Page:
Opportunities to influence behavior through the use of electronic reminders has not been examined in a criminal justice population. The purpose of this study was to assess probationer preferences for short-term goals from a web-based program and evaluate the role of voluntary electronic reminders (e.g., text messaging, email) in achieving early treatment and probation tasks.
We used data from drug-involved offenders (n = 76) participating in a clinical trial of a 2-session motivational computer program. As part of the program, participants could choose to receive text or email reminders about their probation and treatment goals for the next month. Poisson regression models were utilized to evaluate goal and reminder selection in relation to the days of substance use and treatment attendance at two-month follow-up.
The most common goals were related to probation and treatment tasks, relationships, and cognitive reappraisals. Forty-five percent of probationers elected to receive electronic goal reminders at Session 1 with a slight increase at Session two (49%). Probationers who opted to receive electronic goal reminders at Session one selected significantly more goals on average (M = 4.4, SD = 2.1) than probationers who did not want reminders (M = 3.4, SD = 1.8), (t = 2.41, p = .019). Reminder selection and total number of goals selected predicted days of substance use and treatment attendance at a two-month follow-up. Probationers who opted not to receive electronic reminders and those who only chose to receive reminders at one visit had more days of substance use compared to those who chose to receive reminders at both visits, 1.66 and 2.31 times respectively. Probationers who chose not to receive electronic reminders attended 56% fewer days of treatment compared to those who chose to receive reminders at both visits.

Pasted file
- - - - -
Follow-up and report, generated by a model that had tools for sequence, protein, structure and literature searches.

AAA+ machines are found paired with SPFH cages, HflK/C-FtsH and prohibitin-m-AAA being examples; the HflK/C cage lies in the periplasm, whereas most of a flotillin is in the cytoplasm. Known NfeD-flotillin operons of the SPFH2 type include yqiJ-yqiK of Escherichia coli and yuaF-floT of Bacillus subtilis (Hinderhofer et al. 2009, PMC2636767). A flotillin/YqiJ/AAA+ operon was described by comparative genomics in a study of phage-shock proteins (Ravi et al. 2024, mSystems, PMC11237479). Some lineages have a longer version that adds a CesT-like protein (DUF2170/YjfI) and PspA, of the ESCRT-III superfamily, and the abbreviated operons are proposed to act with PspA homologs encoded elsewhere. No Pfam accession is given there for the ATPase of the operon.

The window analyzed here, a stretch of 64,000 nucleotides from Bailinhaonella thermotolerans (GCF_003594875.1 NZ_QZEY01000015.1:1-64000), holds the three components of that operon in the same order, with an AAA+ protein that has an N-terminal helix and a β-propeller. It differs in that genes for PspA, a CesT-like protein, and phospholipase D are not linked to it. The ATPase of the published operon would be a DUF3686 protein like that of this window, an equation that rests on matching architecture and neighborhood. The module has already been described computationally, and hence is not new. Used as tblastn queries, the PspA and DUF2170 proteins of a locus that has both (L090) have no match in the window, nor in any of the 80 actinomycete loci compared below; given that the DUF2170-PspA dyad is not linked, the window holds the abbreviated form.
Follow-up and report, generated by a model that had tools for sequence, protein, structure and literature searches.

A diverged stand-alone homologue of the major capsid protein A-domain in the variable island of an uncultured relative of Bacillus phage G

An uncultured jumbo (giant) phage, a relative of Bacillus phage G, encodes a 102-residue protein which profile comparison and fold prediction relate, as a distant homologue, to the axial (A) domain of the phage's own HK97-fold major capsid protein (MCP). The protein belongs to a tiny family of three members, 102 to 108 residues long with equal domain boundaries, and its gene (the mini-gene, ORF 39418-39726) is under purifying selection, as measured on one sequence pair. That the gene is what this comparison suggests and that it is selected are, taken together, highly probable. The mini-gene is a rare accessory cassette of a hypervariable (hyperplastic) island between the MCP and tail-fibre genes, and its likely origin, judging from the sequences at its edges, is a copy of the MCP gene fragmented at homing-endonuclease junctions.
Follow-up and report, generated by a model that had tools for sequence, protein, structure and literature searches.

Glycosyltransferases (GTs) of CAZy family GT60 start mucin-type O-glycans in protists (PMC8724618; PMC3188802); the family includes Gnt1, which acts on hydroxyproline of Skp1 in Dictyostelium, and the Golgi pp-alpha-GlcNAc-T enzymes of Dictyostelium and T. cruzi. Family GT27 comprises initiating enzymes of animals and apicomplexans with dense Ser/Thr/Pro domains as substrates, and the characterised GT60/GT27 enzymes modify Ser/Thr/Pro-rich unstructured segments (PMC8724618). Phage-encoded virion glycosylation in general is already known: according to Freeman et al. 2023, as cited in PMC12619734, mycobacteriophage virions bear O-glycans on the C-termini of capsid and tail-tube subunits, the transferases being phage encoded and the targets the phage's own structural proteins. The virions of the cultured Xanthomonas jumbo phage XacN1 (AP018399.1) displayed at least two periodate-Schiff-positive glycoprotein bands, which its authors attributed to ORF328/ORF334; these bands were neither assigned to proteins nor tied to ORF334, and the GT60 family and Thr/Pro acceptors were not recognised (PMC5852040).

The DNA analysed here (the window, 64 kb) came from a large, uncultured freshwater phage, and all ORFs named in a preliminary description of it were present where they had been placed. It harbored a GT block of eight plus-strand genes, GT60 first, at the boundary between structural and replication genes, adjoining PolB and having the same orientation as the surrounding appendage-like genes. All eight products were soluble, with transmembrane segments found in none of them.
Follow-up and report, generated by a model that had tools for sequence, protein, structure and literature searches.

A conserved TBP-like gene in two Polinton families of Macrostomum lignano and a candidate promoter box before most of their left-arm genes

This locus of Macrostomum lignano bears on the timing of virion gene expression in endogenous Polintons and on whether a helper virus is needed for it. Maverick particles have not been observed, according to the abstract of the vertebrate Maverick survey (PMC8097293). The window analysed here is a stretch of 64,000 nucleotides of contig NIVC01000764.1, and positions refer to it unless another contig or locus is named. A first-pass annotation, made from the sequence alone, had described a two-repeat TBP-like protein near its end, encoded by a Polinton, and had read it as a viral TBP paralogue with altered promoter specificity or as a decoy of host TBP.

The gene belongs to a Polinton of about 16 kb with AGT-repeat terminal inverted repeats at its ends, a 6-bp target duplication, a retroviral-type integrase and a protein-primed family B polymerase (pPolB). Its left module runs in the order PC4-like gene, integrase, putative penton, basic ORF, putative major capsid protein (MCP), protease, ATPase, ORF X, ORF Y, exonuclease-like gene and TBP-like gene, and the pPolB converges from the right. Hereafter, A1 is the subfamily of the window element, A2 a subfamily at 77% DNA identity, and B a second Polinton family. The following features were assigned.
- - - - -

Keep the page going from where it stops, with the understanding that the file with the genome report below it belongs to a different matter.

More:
People's choice of short-term goals and reminders can provide advance notification of the likelihood of substance use and treatment initiation. Probation systems might use such information to triage at-risk probationers to a higher level of service, before problems have emerged.